I just received a phone call from a client who was arrested last night for a DUI and was asking me questions about the paperwork that the police gave her when she left the police station. More importantly, she wanted to know what a Statutory Summary Suspension means and how this will affect her ability to drive. Because I’ve been handling DUI’s throughout Cook County, DuPage County and Kane County for 25 years, it’s easy to forget how confusing the whole DUI process can be for someone who does not handle cases like this every day. So, I want to take this opportunity to explain the Statutory Summary Suspension process so you can understanding what is happening, and what will happen in the coming months with your driver’s license.
In Illinois, it is against the law to operate a motor vehicle upon the public roads while you are under the influence of alcohol or drugs. If you are found guilty of Driving Under the Influence (DUI), you could be facing criminal penalties which cannot exceed one year in county jail and a fine of up to $2,500. Most people know this. But what many people do not know is that when you have a DUI case, you also have a separate legal matter between you and the Illinois Secretary of State which involves your driver’s license. If a police officer requests that you submit to a Breathalyzer Test and your blood alcohol level (B.A.C.) is .08 or above, your driver’s license will be suspended for six months starting 46 days after your arrest for a DUI. If the police officer asks you to take a Breathalyzer Test, and you refuse to take that test, your license will be suspended for 12 months starting 46 days after your arrest for a DUI.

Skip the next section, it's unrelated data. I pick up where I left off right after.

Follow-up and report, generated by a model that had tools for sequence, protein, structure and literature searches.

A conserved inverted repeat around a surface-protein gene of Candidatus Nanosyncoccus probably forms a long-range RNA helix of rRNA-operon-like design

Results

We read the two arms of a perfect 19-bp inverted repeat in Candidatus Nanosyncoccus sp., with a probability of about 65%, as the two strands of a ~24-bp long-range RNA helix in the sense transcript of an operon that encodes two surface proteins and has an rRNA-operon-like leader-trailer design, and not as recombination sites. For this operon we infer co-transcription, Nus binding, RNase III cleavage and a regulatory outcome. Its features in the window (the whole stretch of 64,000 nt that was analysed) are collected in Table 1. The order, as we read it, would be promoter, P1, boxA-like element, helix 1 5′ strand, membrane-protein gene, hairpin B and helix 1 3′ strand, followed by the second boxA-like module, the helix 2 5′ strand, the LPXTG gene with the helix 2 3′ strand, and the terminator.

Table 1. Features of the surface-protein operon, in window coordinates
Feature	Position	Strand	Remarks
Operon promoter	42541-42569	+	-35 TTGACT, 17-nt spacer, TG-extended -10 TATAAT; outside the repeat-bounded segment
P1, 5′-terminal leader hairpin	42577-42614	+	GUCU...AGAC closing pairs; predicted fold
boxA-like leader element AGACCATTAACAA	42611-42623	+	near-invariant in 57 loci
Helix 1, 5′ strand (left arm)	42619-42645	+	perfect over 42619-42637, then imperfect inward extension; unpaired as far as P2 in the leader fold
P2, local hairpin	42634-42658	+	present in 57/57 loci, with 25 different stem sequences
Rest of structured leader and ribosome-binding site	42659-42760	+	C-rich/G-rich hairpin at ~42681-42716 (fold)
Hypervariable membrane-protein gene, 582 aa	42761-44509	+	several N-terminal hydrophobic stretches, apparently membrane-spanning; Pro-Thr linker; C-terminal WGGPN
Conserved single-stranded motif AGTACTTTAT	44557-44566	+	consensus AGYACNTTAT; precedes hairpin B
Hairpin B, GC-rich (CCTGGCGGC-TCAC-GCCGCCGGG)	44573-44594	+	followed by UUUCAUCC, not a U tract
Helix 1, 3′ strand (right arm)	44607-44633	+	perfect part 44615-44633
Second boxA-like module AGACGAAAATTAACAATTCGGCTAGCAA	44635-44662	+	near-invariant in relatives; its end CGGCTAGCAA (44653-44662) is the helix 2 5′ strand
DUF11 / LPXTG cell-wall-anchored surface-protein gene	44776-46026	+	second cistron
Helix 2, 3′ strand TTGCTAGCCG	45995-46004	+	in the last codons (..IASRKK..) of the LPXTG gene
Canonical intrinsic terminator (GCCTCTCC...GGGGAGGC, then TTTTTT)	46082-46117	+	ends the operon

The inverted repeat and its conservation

A refusal to take a Breathalyzer Test is defined a little more broadly than simply refusing to submit to the test. If you agree to take the test and are unsuccessful in submitting an adequate breath sample, then this will be considered a refusal to submit to a Breathalyzer Test. What typically happens is that the police officer will instruct you on what you must do to provide an adequate breath sample so that the machine can register a valid result. You must pay close attention to what the police officer is saying because if you do not follow the police officer’s instructions and are unable to provide an adequate breath sample, the Secretary of State will try to suspend your license for 12 months because they will consider this to be a refusal.